Tuesday, June 25, 2013

Giving your characters an inner life

This lovely piece about James Gandolfini got me thinking about literary characters and what makes them seem real to us. My former students know I've been grinding this ax a long time. But this is another way that writing fiction very much resembles acting: in both cases, you can't reveal everything there is to know about a character. Good characters (like good stories, according to Hemingway) are icebergs; much more of them exists below the surface than above. And, let's face it, that's true of actual human beings as well. That's why, in fact, fictional characters who seem to have a lot going on inside them feel more real than those whose thoughts, beliefs, and actions are always transparent and aligned.

So, keeping Gandolfini as Tony Soprano in mind as an example, here are some ways we fiction writers can make our characters more real--as opposed to, God help us, more likeable.

  • Embrace contradiction. Tony was a wildly violent man who fretted over his violent tendencies, took his daughter to visit colleges, and became quite fond of a family of ducks. We all fret about certain characteristics we possess; we don't think they're quite honorable or consistent or helpful, yet we can't quite smooth ourselves out. Your characters can be the same way: an elementary school teacher who fears children, a doctor who's addicted to cocaine ... Let them be aware of these contradictions without knowing how to resolve them.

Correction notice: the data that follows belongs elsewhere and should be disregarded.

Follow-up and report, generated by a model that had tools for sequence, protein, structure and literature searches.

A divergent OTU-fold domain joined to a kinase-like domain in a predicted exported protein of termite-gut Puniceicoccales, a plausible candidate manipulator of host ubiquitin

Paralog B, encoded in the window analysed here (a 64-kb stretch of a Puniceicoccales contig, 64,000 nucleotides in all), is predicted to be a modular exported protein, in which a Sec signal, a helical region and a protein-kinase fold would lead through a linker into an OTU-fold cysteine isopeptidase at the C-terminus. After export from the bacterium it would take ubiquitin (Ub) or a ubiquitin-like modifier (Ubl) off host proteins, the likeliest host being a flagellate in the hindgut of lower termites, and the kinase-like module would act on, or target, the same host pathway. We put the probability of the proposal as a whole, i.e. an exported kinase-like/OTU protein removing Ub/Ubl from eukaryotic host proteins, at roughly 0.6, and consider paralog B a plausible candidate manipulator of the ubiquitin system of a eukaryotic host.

• Use interior monologue. The psychiatrist in The Sopranos was a device than enabled us to hear what went on inside Tony's head. In fiction, we can just write that stuff out. Where else but in fiction do we have direct access to another person's thoughts? Take advantage of that opportunity. After all, I think, therefore I am: that's how I know that I, at least, am real. Of course, you can overdo interior monologue or use it as an excuse to tell rather than show. The test is whether it reveals character, rather than explaining it.
  • Let characters wonder what each other thinks. It's my sense (isn't it yours, too?) that we humans spend a lot of time wondering what other people think. It might be one reason why some of us read fiction--to at least have the sense that we're inside someone else's head. So a realistic fictional character would probably have this desire also--to know what her husband is really thinking about when he shrugs and says "nothing." Our common, everyday tragedy is that none of us can ever really know this for certain. In their world, your characters live this tragedy, too.
  • Explore emotion. As Gandolfini said, let your characters really feel emotions. Those emotions can be confusing, "wrong," in conflict with one another, etc. They can explode volcanically, or the character can work hard at suppressing them, but the emotions themselves never go away.

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